Overview

base analogue


'base analogue' can also refer to...

base analogue

base analogue

base analogue

base analogue

base analogue

Insulin glargine: a new basal insulin analogue

Characterization and Use of Tricyclic Fluorescent Nucleic Acid Base Analogues

HPLC Separation of Tetracycline Analogues: Comparison Study of Laser-Based Polarimetric Detection with UV Detection

Structure-based design of a streptavidin mutant specific for an artificial biotin analogue

Characterization of photophysical and base-mimicking properties of a novel fluorescent adenine analogue in DNA

Characterization and use of an unprecedentedly bright and structurally non-perturbing fluorescent DNA base analogue

Synthesis of 5′-branched neplanocin A analogues based on radical-mediated sulfur-extrusive stannylation

Challenges for forecasting based on accelerating rates of earthquakes at volcanoes and laboratory analogues

Are Nonnucleoside Analogue–Based Regimens Better than Protease Inhibitor–Based Regimens for Nonadherent HIV-Infected Patients?

Pre-clinical safety evaluation of novel nucleoside analogue-based dual-function microbicides (WHI-05 and WHI-07)

Simultaneous evaluation of basal FSH and oestradiol response to GnRH analogue (F-G-test) allows effective drug regimen selection for IVF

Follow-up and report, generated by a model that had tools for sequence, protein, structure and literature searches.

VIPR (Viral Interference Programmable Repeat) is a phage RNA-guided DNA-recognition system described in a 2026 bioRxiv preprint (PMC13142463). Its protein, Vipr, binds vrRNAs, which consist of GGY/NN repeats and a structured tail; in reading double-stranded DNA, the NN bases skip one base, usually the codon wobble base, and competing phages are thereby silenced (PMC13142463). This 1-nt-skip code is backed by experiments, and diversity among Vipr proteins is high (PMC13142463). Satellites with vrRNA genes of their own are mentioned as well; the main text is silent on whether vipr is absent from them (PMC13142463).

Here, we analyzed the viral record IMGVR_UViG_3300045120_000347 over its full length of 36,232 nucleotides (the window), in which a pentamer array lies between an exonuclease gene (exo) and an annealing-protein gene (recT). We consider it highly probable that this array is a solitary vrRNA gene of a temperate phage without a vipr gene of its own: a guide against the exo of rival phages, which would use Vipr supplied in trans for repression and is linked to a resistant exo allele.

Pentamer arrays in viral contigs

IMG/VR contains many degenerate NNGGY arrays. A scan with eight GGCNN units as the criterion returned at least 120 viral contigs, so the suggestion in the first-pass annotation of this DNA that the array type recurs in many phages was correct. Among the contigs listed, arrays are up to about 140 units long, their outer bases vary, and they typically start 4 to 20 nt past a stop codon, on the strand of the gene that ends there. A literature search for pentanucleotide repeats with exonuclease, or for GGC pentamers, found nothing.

DNA adopts normal B-form upon incorporation of highly fluorescent DNA base analogue tC: NMR structure and UV-Vis spectroscopy characterization

3CAPS – a structural AP–site analogue as a tool to investigate DNA base excision repair

Electronic transition moments of 6-methyl isoxanthopterin—a fluorescent analogue of the nucleic acid base guanine

 

More Like This

Show all results sharing this subject:

  • Plant Sciences and Forestry

GO

Show Summary Details

Quick Reference

A purine or pyrimidine base (see base pair) that differs slightly in structure from the normal base, but that because of its similarity to that base may act as a mutagen when incorporated into DNA. Once in place, these bases, which have pairing properties unlike those of the bases they replace, can produce mutations by causing insertions of incorrect nucleotides opposite them during replication. Though the original base analogue exists only in a single strand, it can cause a nucleotide-pair substitution that is replicated in all DNA copies descended from that original strand. An example is 5-bromo-uracil (5BU), an analogue of thymine that has bromine at the C-5 position in place of the CH3 group found in thymine.

Subjects: Plant Sciences and Forestry.


Reference entries

Users without a subscription are not able to see the full content. Please, subscribe or login to access all content.